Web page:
Unmanned Aircraft Become Disaster-Relief Tools in Texas

1198_sensefly_texas Unmanned Aircraft Become Disaster-Relief Tools in TexasA test-site research team from the Lone Star Unmanned Aircraft Systems Center of Excellence & Innovation (LSUASC) at Texas A&M University-Corpus Christi has been dispatched to Wimberley, Texas, to conduct low-altitude research flights in the wake of devastating flooding.

The specific mission involves real-time aerial searches for missing persons, livestock and vehicles, according to Jerry Hendrix, chief engineer for the LSUASC test site and leader of the research team. “We will survey land areas, including bridge and critical infrastructure and roadways,” he explains. “It will be a general aerial assessment of damage due to storm and flooding.”

The Town of Wimberley, about 30 miles southwest of Austin, was struck May 25 by heavy flooding along the Blanco River; more than 400 homes were destroyed. Four deaths were reported in Hays County, and at least eight persons were reported missing. Nineteen storm-related deaths were reported in Texas and Oklahoma and 14 in Mexico, says the university.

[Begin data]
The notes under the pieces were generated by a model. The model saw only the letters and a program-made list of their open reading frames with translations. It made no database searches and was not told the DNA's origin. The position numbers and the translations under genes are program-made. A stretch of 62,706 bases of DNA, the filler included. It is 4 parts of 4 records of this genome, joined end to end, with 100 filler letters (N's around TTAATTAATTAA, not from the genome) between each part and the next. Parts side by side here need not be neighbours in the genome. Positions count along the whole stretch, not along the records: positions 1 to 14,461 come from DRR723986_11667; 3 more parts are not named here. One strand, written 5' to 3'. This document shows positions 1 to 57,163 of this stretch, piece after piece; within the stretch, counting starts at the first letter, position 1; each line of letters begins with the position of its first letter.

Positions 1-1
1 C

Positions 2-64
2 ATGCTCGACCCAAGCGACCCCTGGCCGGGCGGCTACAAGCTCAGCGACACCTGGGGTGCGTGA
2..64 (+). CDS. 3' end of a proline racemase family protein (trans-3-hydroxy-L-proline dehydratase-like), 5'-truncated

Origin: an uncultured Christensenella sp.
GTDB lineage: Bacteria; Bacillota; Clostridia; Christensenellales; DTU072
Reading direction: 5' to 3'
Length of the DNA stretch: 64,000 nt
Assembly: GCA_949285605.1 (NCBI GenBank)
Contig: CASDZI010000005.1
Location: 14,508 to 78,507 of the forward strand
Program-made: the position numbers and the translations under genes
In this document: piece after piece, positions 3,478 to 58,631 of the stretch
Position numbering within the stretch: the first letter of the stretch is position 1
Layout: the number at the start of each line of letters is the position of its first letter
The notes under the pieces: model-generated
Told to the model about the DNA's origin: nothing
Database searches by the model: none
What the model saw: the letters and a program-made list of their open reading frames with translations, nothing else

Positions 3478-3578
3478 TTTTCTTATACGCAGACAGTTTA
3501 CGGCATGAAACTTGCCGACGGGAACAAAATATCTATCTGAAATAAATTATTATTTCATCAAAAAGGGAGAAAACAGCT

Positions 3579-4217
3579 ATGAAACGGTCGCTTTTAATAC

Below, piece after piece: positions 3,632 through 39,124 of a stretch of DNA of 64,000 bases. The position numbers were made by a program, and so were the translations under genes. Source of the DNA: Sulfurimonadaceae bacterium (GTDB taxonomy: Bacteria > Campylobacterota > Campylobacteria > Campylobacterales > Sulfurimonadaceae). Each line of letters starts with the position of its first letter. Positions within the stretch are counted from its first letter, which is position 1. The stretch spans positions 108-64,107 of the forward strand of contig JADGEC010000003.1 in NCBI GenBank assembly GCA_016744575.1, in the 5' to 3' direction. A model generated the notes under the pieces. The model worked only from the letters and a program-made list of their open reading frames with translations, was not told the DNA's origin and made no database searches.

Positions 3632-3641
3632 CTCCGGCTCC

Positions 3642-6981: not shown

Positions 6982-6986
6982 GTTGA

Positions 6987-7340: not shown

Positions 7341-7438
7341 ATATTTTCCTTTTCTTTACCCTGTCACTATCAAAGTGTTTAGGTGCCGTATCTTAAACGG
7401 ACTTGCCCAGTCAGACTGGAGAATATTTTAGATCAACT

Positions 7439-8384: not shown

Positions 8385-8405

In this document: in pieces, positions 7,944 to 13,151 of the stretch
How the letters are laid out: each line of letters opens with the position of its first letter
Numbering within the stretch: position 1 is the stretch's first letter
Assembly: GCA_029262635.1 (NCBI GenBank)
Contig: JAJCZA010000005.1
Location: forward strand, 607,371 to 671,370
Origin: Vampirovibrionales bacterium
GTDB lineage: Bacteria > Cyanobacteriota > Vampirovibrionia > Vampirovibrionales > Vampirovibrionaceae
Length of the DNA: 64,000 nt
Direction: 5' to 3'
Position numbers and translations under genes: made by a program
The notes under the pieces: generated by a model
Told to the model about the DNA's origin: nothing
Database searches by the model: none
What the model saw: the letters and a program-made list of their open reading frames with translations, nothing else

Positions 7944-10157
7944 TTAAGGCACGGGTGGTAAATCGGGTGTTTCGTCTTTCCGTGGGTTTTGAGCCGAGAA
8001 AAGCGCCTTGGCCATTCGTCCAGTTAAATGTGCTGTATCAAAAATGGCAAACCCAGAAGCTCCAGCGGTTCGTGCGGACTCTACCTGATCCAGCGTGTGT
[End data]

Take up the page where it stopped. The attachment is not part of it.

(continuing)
The LSUASC test-site team of three people is based at a private ranch about five miles north of Wimberley. The research also “will assist in determining the process for use of UAS as a rapid-response tool in natural emergencies,’ as well as the ‘value’ of flying 200 feet or fewer in altitude – as recently authorized under blanket Certificates of Waiver or Authorization for all of the FAA UAS test sites – ‘for aerial surveillance under such conditions,” Hendrix adds.

The research vehicles include the following: an AscTec Falcon 8, provided by HUVRData of Austin and equipped with high-definition video and thermal-imaging cameras and multispectral sensors; a senseFly eBee, provided by Urban Engineering of Corpus Christi and equipped with a 16-megapixel camera and a 12-megapixel near-infrared camera; and a DJI Phantom quadcopter, provided by A&M-Corpus Christi’s iCORE Lab and the College of Science and Engineering and equipped with a 16-megapixel video camera and a forward-looking infrared camera.

The LSUASC team has been supported by Dr. Robin Murphy, director of the Center for Robot-Assisted Search and Rescue at Texas A&M University in College Station. A team from Dr. John Valasek’s Center for Autonomous Vehicles and Sensor Systems at A&M is standing by to join the LSUASC effort.


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